In a similar study conducted by Wilcke et al, 33 patients were randomized to volar plating and 30 to external fixation. The patients in the volar plating group had a significantly better DASH score than those in the external fixation group at 3 and 6 months, but at 12 months the differences reduced and were no longer significant.13 The grip strength and range of motion were also better in the volar plating group but the differences decreased with time. In another study by Wei et al comparing the subjective functional outcome following fixation of unstable distal radius fractures by external fixation, volar plating and radial column plating, the mean DASH score
at the end of 3 months was significantly higher in the volar plating group than the other two groups. However, the mean DASH score at 6 months and 12 months for the volar plating group was not significantly different from either of the other two groups.7 The percentage of grip strength recovered was significantly higher in the external fixation group at 6 months than the internal fixation group. No significant differences were found in the range of motion analysis between the groups. Pain scores recorded on VAS did not show any significant differences.
In another recent study conducted by Venkatesh Gupta et al comparing bridging external fixation with volar plating for unstable, comminuted distal radius fractures, it was concluded that volar fixation results in a quicker recovery of wrist function with better DASH scores and a greater post-operative range of motion as compared to the external fixation group at 1 year.25 Pain scores were not significantly different for the two groups.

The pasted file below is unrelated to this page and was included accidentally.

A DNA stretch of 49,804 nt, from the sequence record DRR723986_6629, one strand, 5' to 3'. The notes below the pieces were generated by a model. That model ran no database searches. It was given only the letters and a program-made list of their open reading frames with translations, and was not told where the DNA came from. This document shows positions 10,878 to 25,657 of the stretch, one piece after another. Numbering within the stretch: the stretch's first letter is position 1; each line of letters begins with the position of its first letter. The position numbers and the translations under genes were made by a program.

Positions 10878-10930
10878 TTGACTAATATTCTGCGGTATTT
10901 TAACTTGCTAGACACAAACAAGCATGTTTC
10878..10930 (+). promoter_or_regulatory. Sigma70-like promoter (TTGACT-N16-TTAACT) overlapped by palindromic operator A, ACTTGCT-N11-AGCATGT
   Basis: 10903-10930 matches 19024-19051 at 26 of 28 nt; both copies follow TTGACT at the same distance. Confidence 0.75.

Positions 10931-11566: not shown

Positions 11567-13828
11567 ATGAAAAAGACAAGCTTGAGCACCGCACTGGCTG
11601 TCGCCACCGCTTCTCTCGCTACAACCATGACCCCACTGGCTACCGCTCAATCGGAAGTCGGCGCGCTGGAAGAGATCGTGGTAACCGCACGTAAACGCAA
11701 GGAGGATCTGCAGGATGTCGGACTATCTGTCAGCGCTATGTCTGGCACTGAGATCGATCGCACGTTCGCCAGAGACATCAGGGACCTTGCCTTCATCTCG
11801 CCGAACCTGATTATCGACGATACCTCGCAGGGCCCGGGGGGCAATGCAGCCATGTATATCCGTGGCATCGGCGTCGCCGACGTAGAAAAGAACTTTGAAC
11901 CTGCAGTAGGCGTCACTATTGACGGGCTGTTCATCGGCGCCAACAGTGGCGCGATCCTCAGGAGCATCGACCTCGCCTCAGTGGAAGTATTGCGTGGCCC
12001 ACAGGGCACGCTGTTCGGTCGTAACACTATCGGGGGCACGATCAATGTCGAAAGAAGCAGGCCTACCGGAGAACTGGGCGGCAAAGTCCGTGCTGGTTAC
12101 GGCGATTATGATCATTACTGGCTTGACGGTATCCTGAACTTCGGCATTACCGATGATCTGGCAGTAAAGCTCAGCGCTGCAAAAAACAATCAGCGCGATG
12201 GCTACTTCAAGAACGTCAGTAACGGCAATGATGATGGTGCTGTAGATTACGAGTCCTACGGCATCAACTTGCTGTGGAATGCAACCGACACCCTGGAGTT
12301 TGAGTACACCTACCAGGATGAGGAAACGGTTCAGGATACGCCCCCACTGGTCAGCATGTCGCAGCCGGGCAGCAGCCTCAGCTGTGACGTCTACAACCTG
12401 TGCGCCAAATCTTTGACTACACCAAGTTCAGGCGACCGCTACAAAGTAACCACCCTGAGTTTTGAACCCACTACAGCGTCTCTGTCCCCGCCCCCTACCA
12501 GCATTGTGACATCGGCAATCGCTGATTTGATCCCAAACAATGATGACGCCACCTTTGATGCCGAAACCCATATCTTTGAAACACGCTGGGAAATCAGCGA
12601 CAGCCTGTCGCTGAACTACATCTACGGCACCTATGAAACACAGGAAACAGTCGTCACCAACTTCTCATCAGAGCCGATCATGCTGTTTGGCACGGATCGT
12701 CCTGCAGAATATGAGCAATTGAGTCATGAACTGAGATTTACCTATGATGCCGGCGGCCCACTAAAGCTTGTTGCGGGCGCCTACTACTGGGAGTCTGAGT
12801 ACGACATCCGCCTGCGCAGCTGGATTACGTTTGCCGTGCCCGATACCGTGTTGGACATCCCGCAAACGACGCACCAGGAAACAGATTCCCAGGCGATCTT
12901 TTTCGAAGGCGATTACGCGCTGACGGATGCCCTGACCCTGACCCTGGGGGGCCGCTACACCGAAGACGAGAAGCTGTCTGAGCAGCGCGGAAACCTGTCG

A meta-analysis by Walenkamp et al showed a better functional outcome of unstable distal radius fractures treated with volar plating as compared to external fixation with better DASH scores in the plating group at 3, 6 and 12 months.26 For secondary outcomes such as grip
strength and range of motion, no significant differences were obtained. In a meta-analysis by Wang et al., significantly better DASH scores were reported at 3, 6 and 12 months for ORIF as compared to external fixation.27 Grip strength was significantly better for the ORIF group at 3 months but at 6 and 12 months the difference was not significant. Range of motion analysis showed better volar flexion at 6 months, dorsiflexion at 3 and 6 months and supination at 3 months for volar plating. Another recent meta-analysis by Li Hai et al revealed that volar locked plating resulted in significantly lower DASH score as compared to external fixation at 3, 6 and 12 months following surgery.28 Furthermore, dorsiflexion, supination and grip strength were found to be significantly better with volar plating. A meta-analysis by Wei et al showed significantly better DASH scores and forearm supination for ORIF as compared to external fixation. However, recovery of grip strength was significantly better with external fixation.15 A meta- analysis by Eposito et al suggested significantly lower DASH scores and reduced infection rates for ORIF as compared to external fixation. There were no significant differences in the range of motion, grip strength and complication rates other than infection in the two modalities.16
Table 7: Mean DASH scores of external fixation and volar plating in various studies.
Study by: External fixation Volar plating P value
Sample size (n):
Sample size (n):
months 1 year 1. Wilcke et
al.13 30 27 14 11 33 9 6 7 <0.001 0.008 0.1
2. Wei et al.7 22 29 11 18 12 7 6 4 0.028 - 0.025
Gupta et al.25 14 - - 23 16 - - 9 - - 0.015
4. Egol et al.11 38 25.4 32.6 17.2 39 19.5 25.0 13.0 0.10 0.06 0.15 5. Our study 40 23.9 12.48 4.40 40 16.30 6.98 1.00 <0.001 <0.001 <0.001 Similar to the above studies, the results of our study show